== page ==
The Morality of Survival
by Dr. William L. Pierce
THE BIGGEST THING in the news now is the imminent killing of the young soldier Timothy McVeigh by the Bush government. Even though I’ve never met or corresponded with Timothy, I’ve had dozens of reporters calling me for interviews in connection with the killing, because he read one of my novels, The Turner Diaries. The reporters seem almost gleeful. One of those awful, heterosexual White male gun nuts who doesn’t follow the party line is to be killed, and isn’t it wonderful! The columnists and editorialists like to use words such as “evil” and “monster” in their references to McVeigh. One can imagine them all dancing the hora with their Jewish bosses as the hour of the killing approaches and then cheering in unison as the poison flows into his veins.
Why this enormous hatred for Timothy? They say it is because he killed 168 people. I say it is because he refuses to say that he is sorry: he refuses to whine and make excuses and beg for his life, like they would have done. I say that it is because he did what he did for an impersonal reason, for an ideal, and ideals make them uncomfortable. I say that it is because he has acted as a man of principle should act and is willing to face the consequences for his actions, and that really goes against the grain in this age of democracy and hypocrisy and feminism and endless talk, with people never meaning what they say.
Someone like Bill Clinton, who orders the bombing of Belgrade and kills thousands of civilians in order to divert attention from his domestic problems, is forgiven immediately by the media bloodhounds because Bill Clinton is not a man of principle. Bill Clinton is not a threat to the rotten system that feeds the bloodhounds. They can understand and empathize with a mass murderer like Bill Clinton, but not with a soldier like Timothy McVeigh.
If the media people really believed that everyone who kills lots of other people is “evil” or a “monster,” they should have had a field day when Ariel Sharon became the head Jew in Israel recently. Sharon is the Jew who, as Israeli defense minister, set up and supervised the massacre of some 3,000 Palestinian civilians — mostly women, children, and old men — in the Sabra and Shatila refugee camps in 1982. Has any journalist, the editorial writer for any major newspaper or magazine, had anything at all to say about that recently?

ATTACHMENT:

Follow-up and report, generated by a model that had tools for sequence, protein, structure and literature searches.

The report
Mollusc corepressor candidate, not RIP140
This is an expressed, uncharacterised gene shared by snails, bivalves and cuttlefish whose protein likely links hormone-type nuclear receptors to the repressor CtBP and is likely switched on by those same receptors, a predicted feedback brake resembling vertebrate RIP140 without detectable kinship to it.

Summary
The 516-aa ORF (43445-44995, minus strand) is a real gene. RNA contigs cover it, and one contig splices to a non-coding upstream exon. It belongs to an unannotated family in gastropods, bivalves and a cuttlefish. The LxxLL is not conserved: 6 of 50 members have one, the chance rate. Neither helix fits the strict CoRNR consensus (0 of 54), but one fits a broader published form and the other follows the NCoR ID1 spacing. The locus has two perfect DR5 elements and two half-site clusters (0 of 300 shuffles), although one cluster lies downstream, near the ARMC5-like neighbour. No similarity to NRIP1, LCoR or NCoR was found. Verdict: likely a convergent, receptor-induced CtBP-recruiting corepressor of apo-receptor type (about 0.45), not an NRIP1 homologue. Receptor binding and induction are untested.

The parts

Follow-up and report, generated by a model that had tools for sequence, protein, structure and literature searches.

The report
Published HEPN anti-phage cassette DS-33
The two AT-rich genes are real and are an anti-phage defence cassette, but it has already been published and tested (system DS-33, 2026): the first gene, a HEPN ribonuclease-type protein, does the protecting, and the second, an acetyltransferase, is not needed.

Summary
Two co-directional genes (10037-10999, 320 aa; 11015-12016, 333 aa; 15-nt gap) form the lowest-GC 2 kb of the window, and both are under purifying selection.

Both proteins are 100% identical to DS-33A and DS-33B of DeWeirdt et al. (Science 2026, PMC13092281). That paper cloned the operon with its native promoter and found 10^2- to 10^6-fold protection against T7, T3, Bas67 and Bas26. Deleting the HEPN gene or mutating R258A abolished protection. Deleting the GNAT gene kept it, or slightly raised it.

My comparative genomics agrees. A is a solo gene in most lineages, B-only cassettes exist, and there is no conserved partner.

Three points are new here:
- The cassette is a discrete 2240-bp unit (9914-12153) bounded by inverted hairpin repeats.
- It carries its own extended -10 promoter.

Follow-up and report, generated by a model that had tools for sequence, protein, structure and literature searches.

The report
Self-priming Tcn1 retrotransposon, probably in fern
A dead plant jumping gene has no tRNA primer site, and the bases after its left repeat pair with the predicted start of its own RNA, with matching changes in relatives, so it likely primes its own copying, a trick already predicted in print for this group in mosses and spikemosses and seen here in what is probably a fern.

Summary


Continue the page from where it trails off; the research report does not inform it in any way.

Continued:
You know, I’m not trying to justify the killing of civilians. I’m just trying to explore the fundamental crookedness of the mass media in dealing with the subject of killing. Here’s another example: the current media hullabaloo about the killing of 20 or so Vietnamese civilians in 1969 by a Navy SEAL team commanded by Lieutenant Robert Kerrey, who later was governor of Nebraska, then a U.S. Senator, and then a presidential candidate in 1992.
In 1969 a Vietnamese family had their throats cut to keep them from raising an alarm during Kerrey’s raid in the Mekong Delta, and then 15 or 20 other civilians were shot. The raid had failed to achieve its purpose of assassinating a Viet Cong official, but Kerrey received a Bronze Star anyway. Now, amid a dispute about whether the Vietnamese civilians who were killed had simply been in the way during a fire fight or Kerrey had ordered them to be rounded up and shot, there is a great deal of hand-wringing and soul-searching going on. The media really have made a circus out of the affair. One could almost believe that the folks in the media are horrified by the killing of civilians. But really, they aren’t.